Shapoddhara, Śāpoddhāra, Shapa-uddhara: 6 definitions
Shapoddhara means something in Hinduism, Sanskrit. If you want to know the exact meaning, history, etymology or English translation of this term then check out the descriptions on this page. Add your comment or reference to a book if you want to contribute to this summary article.
The Sanskrit term Śāpoddhāra can be transliterated into English as Sapoddhara or Shapoddhara, using the IAST transliteration scheme (?).
Purana and Itihasa (epic history)Source: archive.org: Shiva Purana - English Translation
Śāpoddhāra (शापोद्धार) refers to the “redemption from a curse”, according to the Śivapurāṇa 2.3.2.—Accordingly, Brahmā narrated to Nārada:—“[...] On hearing their (i.e., the three daughters of Svadhā) words, O dear, the sage (i.e., Sanaka/Sanatkumāra) spoke to them. He had been induced by Śiva’s illusion to give them redemption from the curse (i.e., śāpoddhāra). He was a bit consoled”.
The Purana (पुराण, purāṇas) refers to Sanskrit literature preserving ancient India’s vast cultural history, including historical legends, religious ceremonies, various arts and sciences. The eighteen mahapuranas total over 400,000 shlokas (metrical couplets) and date to at least several centuries BCE.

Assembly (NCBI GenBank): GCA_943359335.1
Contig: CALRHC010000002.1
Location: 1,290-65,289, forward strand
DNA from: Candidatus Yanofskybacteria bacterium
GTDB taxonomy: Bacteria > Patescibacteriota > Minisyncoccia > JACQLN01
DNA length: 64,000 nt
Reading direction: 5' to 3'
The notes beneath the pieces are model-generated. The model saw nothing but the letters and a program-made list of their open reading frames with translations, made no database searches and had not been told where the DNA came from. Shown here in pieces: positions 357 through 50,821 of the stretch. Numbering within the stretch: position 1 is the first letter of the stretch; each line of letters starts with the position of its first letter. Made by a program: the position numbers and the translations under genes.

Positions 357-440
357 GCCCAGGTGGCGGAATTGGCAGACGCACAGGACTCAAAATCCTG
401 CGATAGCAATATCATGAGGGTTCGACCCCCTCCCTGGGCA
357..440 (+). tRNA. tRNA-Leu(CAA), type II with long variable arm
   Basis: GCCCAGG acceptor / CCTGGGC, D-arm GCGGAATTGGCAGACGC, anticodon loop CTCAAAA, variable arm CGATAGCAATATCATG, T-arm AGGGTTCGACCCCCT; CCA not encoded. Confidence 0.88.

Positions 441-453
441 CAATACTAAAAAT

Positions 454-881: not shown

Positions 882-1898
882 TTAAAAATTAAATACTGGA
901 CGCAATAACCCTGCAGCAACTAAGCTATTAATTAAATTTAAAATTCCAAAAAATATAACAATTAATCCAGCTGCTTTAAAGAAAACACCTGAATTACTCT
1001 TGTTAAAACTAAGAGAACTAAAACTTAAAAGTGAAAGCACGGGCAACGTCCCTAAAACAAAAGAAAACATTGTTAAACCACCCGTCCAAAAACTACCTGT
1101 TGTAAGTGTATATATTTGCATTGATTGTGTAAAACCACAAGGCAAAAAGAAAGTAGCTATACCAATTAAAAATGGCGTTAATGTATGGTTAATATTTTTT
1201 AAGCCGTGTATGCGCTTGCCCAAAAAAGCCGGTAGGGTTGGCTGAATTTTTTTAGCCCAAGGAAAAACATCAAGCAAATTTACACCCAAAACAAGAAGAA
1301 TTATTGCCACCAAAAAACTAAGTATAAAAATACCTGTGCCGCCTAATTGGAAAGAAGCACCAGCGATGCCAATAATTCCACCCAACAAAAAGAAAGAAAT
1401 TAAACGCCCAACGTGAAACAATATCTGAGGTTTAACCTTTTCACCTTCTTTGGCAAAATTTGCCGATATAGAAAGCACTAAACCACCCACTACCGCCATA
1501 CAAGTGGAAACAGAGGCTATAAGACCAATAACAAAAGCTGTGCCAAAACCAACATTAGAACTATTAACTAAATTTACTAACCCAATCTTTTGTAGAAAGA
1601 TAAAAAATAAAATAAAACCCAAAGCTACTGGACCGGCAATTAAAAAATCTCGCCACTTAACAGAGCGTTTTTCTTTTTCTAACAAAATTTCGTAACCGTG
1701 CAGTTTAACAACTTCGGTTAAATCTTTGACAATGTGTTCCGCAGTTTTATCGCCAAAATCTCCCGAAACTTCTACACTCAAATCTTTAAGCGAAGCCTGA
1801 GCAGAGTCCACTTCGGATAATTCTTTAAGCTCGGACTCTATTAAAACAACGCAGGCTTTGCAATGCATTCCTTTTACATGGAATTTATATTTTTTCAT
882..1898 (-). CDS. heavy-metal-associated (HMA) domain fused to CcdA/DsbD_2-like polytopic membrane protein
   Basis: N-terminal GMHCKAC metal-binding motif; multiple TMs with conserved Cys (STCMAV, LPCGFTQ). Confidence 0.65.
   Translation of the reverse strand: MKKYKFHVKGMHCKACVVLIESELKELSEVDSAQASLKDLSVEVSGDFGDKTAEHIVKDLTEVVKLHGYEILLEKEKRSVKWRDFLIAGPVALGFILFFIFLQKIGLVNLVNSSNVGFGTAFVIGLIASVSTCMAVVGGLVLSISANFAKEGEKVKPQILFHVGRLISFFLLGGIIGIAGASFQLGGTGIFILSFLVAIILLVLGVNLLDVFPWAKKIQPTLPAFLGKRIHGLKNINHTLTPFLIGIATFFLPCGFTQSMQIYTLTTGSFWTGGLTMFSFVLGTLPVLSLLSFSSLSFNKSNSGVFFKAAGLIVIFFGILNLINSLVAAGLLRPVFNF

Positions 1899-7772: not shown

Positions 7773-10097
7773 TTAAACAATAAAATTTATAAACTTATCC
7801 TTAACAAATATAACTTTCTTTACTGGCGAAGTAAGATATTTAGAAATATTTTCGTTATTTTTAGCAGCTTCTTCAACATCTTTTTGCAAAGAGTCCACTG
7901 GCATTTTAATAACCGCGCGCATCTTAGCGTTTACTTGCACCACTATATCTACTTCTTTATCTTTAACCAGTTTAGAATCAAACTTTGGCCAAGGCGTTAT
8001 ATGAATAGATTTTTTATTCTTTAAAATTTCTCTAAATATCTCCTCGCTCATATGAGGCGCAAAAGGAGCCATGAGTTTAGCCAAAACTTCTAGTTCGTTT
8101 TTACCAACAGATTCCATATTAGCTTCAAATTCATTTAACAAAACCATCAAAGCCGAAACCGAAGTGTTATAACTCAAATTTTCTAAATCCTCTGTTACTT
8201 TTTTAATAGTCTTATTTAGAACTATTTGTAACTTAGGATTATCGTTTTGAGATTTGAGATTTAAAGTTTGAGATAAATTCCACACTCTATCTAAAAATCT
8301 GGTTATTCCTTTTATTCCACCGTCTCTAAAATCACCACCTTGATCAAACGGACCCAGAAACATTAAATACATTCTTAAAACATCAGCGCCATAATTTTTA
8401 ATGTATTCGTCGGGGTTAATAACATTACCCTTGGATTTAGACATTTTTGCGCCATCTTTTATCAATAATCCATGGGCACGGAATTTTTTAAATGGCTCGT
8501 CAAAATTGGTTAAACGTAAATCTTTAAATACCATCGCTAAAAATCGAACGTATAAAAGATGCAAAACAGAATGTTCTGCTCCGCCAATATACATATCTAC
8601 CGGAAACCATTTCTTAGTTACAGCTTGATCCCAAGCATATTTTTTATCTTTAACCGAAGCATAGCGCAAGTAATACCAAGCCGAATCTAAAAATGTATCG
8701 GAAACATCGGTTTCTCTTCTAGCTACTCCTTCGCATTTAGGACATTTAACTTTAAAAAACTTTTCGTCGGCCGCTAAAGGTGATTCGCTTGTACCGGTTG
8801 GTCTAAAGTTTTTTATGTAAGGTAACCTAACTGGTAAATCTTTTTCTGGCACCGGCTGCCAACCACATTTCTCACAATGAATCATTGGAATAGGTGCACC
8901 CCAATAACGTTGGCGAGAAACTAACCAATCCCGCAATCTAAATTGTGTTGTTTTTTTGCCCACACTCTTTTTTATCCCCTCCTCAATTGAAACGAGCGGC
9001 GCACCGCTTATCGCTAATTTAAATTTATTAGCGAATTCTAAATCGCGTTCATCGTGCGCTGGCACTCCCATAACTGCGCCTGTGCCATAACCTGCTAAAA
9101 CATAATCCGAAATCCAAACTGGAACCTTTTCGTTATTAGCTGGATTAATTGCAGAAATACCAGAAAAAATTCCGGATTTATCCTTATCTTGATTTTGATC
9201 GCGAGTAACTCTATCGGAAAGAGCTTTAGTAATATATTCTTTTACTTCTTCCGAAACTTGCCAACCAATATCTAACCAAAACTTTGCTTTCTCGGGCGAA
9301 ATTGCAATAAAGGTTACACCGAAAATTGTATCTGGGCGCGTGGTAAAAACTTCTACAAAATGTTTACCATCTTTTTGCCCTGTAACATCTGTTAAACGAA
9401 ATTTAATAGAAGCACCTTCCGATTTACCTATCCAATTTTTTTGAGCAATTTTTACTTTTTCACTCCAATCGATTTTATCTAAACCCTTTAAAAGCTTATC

Languages of India and abroad
Sanskrit dictionarySource: DDSA: The practical Sanskrit-English dictionary
Derivable forms: śāpoddhāraḥ (शापोद्धारः).Source: Cologne Digital Sanskrit Dictionaries: Shabda-Sagara Sanskrit-English Dictionary
(-raḥ) Deliverance from a curse or its effects. E. śāpa, and uddhāra extricating.Source: Cologne Digital Sanskrit Dictionaries: Benfey Sanskrit-English Dictionary
Śāpoddhāra (शापोद्धार).—m. deliverance from a curse.
Śāpoddhāra is a Sanskrit compound consisting of the terms śāpa and uddhāra (उद्धार).Source: Cologne Digital Sanskrit Dictionaries: Monier-Williams Sanskrit-English Dictionary
Śāpoddhāra (शापोद्धार):—[from śāpa] m. deliverance from a curse, [Rāmāyaṇa]Source: Cologne Digital Sanskrit Dictionaries: Yates Sanskrit-English Dictionary
Śāpoddhāra (शापोद्धार):—[śāpo+ddhāra] (raḥ) m. Deliverance from a curse or its effects.
Sanskrit, also spelled संस्कृतम् (saṃskṛtam), is an ancient language of India commonly seen as the grandmother of the Indo-European language family (even English!). Closely allied with Prakrit and Pali, Sanskrit is more exhaustive in both grammar and terms and has the most extensive collection of literature in the world, greatly surpassing its sister-languages Greek and Latin.
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